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4 Privacy Tools to Keep Your Data Safe & a Petition

Everyone’s talking about privacy since Edward Snowden became a whistleblower on the NSA (National Security Administration). He recently leaked a powerpoint that was for internal NSA training, showing how much of the information the NSA is gathering. This program is called PRISM.

What’s PRISM?

According to the Guardian, “Internal NSA documents claim the top secret data-mining programme gives the US government access to a vast quantity of emails, chat logs and other data directly from the servers of nine internet companies. These include Google, Facebook, Microsoft, Yahoo, AOL and Apple. The companies mentioned have all denied knowledge of or participation in the program.” But we know they’re lying.

If you’ve read the headlines about the NSA keeping all of our data in a big server somewhere, this might make you a bit nervous. Imagine it. If you’re a US or UK citizen, this has happened to you.

Imagine some government entity can look at

  • Every internet search you’ve ever done on Google or Yahoo.
  • Every email you’ve ever sent on AOL, Yahoo, or Gmail.
  • Every instant message you’ve ever received.
  • Every social media post you’ve ever written on Facebook and Twitter.
  • Every phonecall you’ve gotten through Verizon.
  • Every Skype call you’ve ever done.
  • Your credit card number, your bank account, or anything they want

People (AND NONPROFITS) are up in arms. The American Civil Liberties Union sued the government to compel release of its classified interpretation of section 215, the so-called “business records” provision of the Patriot Act. Here in Oregon, Jeff Merkeley, one of our senators, is introducing a bill with bipartisan support to force the NSA to reveal what information they are collecting from American citizens.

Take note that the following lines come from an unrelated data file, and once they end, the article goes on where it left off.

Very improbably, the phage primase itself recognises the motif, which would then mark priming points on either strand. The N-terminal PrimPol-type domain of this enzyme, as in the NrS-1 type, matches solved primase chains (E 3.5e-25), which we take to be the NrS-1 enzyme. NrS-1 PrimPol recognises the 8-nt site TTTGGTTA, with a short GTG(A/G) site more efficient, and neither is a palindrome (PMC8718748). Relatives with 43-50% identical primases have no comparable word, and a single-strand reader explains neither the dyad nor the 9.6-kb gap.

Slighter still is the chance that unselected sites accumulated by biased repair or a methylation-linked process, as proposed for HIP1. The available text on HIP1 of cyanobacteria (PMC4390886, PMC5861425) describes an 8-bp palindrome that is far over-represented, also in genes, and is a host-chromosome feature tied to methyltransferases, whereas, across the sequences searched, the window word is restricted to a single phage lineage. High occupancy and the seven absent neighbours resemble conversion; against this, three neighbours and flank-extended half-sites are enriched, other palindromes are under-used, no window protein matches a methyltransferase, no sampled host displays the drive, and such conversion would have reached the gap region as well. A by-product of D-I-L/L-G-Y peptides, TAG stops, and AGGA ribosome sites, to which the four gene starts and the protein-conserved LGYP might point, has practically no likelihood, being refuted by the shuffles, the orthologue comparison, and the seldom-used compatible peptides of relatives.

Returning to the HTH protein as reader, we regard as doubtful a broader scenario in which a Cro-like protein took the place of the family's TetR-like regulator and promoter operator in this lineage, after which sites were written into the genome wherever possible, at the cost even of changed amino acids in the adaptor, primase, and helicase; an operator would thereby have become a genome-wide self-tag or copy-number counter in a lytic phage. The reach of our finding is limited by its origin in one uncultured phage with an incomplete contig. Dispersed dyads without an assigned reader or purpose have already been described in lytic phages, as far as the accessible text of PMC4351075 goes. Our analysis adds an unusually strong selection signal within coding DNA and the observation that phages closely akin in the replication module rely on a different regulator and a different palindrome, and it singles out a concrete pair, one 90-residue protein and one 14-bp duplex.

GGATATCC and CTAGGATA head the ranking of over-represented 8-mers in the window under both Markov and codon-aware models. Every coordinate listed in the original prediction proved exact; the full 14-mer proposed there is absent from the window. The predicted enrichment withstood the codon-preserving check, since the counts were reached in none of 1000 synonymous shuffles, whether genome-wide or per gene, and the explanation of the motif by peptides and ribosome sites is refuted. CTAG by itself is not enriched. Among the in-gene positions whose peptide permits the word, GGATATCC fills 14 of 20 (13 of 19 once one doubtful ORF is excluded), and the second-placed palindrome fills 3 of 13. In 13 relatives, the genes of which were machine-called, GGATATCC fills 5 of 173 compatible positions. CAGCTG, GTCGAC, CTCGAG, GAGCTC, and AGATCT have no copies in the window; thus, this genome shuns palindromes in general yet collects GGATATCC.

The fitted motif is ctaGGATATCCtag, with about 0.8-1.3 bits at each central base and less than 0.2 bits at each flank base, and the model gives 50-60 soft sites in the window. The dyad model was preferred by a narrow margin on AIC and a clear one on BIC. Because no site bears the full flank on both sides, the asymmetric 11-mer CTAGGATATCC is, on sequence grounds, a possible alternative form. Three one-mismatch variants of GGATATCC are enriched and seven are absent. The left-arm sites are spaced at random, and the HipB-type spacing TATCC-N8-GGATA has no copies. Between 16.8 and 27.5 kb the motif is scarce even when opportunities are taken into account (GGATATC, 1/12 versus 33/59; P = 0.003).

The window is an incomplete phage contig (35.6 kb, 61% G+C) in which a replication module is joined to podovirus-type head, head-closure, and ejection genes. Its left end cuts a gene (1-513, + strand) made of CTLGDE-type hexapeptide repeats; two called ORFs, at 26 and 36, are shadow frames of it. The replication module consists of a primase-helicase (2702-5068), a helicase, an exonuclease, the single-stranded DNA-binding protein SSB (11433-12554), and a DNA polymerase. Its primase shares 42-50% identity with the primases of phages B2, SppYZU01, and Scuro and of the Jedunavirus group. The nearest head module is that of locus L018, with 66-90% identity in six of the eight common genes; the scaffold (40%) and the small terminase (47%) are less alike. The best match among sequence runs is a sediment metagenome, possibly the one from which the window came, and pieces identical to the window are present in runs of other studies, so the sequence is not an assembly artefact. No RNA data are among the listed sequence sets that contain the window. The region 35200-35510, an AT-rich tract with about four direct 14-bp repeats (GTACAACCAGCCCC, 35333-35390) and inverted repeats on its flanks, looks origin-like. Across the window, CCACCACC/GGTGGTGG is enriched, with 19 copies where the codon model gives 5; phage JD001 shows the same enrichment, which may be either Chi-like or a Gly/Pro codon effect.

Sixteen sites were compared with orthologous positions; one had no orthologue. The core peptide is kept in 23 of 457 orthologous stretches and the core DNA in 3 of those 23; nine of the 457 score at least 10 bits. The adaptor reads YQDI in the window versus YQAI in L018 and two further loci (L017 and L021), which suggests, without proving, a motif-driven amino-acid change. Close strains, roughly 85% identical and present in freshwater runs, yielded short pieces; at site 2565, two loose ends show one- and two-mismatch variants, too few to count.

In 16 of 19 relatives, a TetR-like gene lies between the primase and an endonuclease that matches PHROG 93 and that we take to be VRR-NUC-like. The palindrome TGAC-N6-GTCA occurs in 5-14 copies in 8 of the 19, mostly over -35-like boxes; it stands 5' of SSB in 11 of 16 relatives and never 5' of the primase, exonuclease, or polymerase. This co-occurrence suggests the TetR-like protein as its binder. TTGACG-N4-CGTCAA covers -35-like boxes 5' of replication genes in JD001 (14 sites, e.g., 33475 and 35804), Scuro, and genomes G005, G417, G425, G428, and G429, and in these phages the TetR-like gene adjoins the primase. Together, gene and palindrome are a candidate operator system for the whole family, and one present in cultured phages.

Spying on innocent people is wrong. I don’t know about you, but I don’t like that anyone could listen in on anything I’m doing, at any time. That is a violation of my and your basic human rights.

While this is fought out in the courts and in the senate, now that we know how much we’ve lost, we need options.

Some people say privacy is obsolete.

Privacy is not obsolete.

Privacy is a human right.

You DO have a right to privacy. And if you feel the same way that I do about this, then you’ll want the link to Prism Break, which helps you stop the government spying on your every move.

How To Protect Yourself

How to opt out of PRISM, the NSA’s global data surveillance program.

  • If you currently use Google to search, you can switch to StartPage.com, or DuckDuckGo.com. Both engines are private, and do not save your search results.
  • If you currently use Gmail, Yahoo Mail or another free email service, here’s where you’ll find alternatives like Thunderbird and RiseUp
  • If you currently use Skype, you can find a link to Jitsi, a free version of Skype.
  • If you currently use Twitter or facebook, there are private versions of those places as well.
  • You’ll find out how to encrypt your emails with Enigmail.
  • You’ll even find an alternative to Dropbox, Owncloud and Sparkleshare.

I personally use these services. I use enigmail and Thunderbird for email. I use Duckduckgo and startpage for my searches. I use Jitsi for chat. I still use Twitter but I’ve gotten off of Facebook. If you want help getting on any of these services, just let me know and I’ll walk you through it.

If you too believe that privacy is important, then here’s a link to petition the American government to request a pardon for Edward Snowden

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